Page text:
Picture it: Saint Stephen’s Day last, at a windswept, damp rugby pitch in Tybroughney, Carrick-on-Suir. There’s a group of very enthusiastic and all too punctual folks in varied qualities of costume waiting to deploy some fancy dress rugger footwork.

December 26th has long been a day for the surrealists down Tybroughney way. Some travel there annually, complete with the wry suggestion that it’s the only time of year you get to see a bit of rugby played at the border-straddling venue. Smart arses.

Standing at the gate, waiting to collect monies from the for-the-day Roman centurions/Priests/Superheroes, as he’d done for many years, was Carrick RFC’s President, the one and only Johnny Drohan.

Over the years, Johnny donned mobster’s garb and cowboy gear for the day in question. Such work on the Feast of Stephen, like all the other responsibilities he assumed as a club committee member, was embraced with a nod, wink and smile.

Johnny wore that smile more frequently than even the colours of the club he loved and served so well for so many years. And that’s saying something.

When news broke that Johnny had passed away on March 16th, the shock felt throughout Carrick-on-Suir, South Kilkenny and beyond, was palpable.

One memory of Johnny Drohan sprung to mind within minutes of learning of his passing. It was a cold, cold night in Thomond Park a few winters ago, and the club had decided run a bus to one of Munster’s European Cup fixtures.

Like many a soul that’s wandered up the road to Shannonside for an evening of high-spirited antics on and off the field, our transport stopped en route at Chaser Fitzgeralds in the hamlet of Pallasgreen for grub, as well as the first pints of the day.

First? Well, that’s not entirely true. A few jars would have been downed by the all too punctual types back in the Comeragh on Carrick’s Main Street, where the first aridly witty comments of the day were shared.

And in the middle of it all, as he always liked to be, was Johnny, sometimes leading the good-humoured debate; on other occasions, just happy to sit back and enjoy the banter.

The raconteurs of Carrick-on-Suir are by no means the exclusive domain of the town’s musical and drama groups, let me tell you. If one could recall every sage anecdote sourced from the confines of the Comeragh gents’ facilities, what an opus the reading world could avail of.

With constitutions ranging between hale, hearty and destined to be hungover, our motley group disembarked from another of those typically eventful all-male bus journeys and arrived at the cathedral of the provincial game.

Having decided to abandon the press box for the night and actually do some singing and chanting for a change, I took my place in the South Terrace backing onto the Cratloe Road.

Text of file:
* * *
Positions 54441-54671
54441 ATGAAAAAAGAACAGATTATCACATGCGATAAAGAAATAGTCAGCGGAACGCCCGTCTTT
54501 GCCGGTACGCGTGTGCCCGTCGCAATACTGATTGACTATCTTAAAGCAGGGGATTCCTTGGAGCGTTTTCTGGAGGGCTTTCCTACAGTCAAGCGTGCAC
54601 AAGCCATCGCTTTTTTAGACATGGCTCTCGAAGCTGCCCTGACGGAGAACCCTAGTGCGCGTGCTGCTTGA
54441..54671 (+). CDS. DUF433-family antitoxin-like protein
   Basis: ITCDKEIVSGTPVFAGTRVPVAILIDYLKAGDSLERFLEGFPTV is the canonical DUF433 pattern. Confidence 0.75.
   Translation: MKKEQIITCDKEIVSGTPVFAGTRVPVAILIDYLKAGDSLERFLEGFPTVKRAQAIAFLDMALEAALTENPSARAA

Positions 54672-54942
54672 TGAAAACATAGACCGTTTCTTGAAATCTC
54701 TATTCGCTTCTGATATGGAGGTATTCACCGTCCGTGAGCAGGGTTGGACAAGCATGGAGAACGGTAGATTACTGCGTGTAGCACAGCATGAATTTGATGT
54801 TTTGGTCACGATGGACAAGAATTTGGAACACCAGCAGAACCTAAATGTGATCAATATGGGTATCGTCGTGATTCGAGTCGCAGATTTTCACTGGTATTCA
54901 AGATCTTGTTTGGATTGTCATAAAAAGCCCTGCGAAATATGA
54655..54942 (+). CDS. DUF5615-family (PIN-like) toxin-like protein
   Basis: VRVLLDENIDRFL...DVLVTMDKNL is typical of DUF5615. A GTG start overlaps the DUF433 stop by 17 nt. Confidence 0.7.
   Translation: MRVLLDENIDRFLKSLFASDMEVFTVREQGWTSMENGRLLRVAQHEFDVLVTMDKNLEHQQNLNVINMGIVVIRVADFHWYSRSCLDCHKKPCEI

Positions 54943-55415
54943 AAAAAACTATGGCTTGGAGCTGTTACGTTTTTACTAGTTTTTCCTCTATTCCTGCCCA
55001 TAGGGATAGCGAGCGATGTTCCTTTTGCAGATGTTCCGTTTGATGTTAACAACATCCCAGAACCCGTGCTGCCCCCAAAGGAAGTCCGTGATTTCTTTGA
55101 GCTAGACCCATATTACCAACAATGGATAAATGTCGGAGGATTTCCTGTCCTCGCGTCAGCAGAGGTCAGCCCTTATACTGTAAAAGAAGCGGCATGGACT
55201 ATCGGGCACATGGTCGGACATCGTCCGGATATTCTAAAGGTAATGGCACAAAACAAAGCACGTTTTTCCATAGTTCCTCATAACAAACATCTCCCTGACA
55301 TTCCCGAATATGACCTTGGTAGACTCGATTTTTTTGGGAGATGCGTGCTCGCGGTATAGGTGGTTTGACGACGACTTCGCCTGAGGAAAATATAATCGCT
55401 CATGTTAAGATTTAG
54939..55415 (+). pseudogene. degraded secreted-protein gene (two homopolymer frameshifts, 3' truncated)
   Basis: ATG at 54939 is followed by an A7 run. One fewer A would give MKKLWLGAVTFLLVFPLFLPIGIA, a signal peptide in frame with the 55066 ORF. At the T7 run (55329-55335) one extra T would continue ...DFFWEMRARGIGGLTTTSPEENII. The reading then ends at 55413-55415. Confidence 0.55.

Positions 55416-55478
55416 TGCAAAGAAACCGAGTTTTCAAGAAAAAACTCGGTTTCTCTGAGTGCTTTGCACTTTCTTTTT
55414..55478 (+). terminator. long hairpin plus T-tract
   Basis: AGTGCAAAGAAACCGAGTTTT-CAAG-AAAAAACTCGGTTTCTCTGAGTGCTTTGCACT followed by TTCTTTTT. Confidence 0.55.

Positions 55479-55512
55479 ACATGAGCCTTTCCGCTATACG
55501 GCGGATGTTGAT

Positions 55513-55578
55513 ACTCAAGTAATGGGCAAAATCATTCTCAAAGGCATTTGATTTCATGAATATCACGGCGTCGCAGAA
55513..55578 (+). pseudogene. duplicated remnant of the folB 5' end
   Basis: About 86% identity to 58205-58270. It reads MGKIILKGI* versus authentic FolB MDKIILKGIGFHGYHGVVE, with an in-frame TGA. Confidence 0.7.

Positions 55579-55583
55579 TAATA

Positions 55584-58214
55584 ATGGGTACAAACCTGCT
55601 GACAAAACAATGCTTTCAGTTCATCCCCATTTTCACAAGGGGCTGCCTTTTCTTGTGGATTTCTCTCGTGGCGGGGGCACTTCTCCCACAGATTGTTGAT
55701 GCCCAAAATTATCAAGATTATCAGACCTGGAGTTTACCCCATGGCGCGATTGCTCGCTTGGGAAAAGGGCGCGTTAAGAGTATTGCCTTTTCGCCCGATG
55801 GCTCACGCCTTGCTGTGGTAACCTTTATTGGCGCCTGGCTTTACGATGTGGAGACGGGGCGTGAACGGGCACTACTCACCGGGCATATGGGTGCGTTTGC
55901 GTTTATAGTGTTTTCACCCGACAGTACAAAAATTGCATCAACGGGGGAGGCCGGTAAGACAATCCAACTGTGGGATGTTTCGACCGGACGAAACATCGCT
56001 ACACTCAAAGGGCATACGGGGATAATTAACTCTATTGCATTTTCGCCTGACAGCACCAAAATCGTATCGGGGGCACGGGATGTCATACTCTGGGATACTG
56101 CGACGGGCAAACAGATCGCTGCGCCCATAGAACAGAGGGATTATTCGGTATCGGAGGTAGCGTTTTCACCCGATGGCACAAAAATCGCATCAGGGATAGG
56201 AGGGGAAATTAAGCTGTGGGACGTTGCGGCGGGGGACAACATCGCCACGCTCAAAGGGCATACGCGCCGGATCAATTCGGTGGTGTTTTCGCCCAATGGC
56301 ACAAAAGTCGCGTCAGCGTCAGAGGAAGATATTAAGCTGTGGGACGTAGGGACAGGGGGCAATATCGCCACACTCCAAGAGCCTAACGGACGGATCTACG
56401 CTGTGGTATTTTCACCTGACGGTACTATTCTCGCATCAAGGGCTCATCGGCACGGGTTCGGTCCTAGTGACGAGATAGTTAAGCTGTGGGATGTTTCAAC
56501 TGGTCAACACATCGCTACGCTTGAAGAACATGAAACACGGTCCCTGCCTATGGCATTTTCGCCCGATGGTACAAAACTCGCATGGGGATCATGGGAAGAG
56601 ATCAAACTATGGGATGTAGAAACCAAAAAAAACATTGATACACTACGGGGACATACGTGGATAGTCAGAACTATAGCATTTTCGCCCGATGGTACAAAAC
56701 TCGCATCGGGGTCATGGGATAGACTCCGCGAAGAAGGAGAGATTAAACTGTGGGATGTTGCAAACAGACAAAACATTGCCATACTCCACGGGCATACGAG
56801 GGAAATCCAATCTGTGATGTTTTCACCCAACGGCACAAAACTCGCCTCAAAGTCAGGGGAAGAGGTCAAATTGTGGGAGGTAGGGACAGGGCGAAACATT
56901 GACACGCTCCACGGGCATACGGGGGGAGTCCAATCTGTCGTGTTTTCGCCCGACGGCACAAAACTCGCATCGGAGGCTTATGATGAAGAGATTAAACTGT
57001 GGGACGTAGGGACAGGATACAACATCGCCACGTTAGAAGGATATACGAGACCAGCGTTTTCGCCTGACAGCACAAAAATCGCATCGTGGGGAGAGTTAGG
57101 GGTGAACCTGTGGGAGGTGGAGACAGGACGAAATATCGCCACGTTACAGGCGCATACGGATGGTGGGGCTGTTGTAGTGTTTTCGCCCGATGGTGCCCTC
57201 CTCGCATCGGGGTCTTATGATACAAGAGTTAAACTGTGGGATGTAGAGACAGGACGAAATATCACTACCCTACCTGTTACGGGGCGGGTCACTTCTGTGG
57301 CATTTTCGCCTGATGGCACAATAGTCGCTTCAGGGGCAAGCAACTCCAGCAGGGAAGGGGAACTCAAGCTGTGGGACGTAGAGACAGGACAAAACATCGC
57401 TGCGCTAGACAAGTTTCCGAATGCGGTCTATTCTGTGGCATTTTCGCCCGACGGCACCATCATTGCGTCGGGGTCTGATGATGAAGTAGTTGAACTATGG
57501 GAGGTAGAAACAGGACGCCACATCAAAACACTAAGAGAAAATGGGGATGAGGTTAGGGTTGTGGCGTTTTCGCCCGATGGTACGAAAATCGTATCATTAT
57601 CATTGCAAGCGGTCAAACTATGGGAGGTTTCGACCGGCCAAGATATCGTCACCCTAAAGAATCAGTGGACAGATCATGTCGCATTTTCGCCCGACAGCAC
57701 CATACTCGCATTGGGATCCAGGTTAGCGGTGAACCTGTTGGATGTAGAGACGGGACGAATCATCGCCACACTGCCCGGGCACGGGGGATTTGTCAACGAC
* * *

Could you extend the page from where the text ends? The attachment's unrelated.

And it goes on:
Alongside me, resembling a decorated military man was Johnny, decked out in the many badges he’d swapped with fellow rugby fans over the years.

The biting wind hurling its way around the grand old ground (not that we can say that any more) left the heaving crowd on the terrace even more tightly packed than usual.

To say it was brass monkey stuff does the night in question a disservice – it was brass yeti weather. Even John Hayes’s teeth could be heard chattering before crouching for a scrum.

Sensing that a few of their younger, less hardy clubmen were about to go blue, Johnny and a fellow, equally experienced matchgoer, duly produced their hipflasks, the American Express card of the seasoned rugby man.

“Here, here get that into you,” said Johnny in that distinctively gravelly tone of his, the glint in his eye as strong as the floodlights craning over the hallowed turf below. “That won’t be long warming you up.”

By God, he wasn’t wrong, as the mature nectar hit the spot quicker than Ronan O’Gara could find the touchline. I’d swear I felt my toe hairs thickening after a few swigs. Throughout the match, just as he did during the games that many a Carrick XV has played across the fields of South Tipperary, Waterford, East Cork and Limerick, Johnny dispensed a few pearls of wisdom.

Never one to bark or carp, Johnny made his points both simply and well. And even when he had a stern point to make, that smile he’d perfected wearing was never too far away. Johnny Drohan sums up everything that’s good about sport and, more importantly, friendship.

The laughs shared during club meetings and other functions dovetailed with a hard work ethic and his hopes of seeing Carrick-on-Suir RFC improve in every way.

Local rugby has lost a wonderful foot solider, while the community he was so much a part of has lost a tremendous human being. That he’ll be missed by many constitutes the most obvious thing I’ve ever committed to print.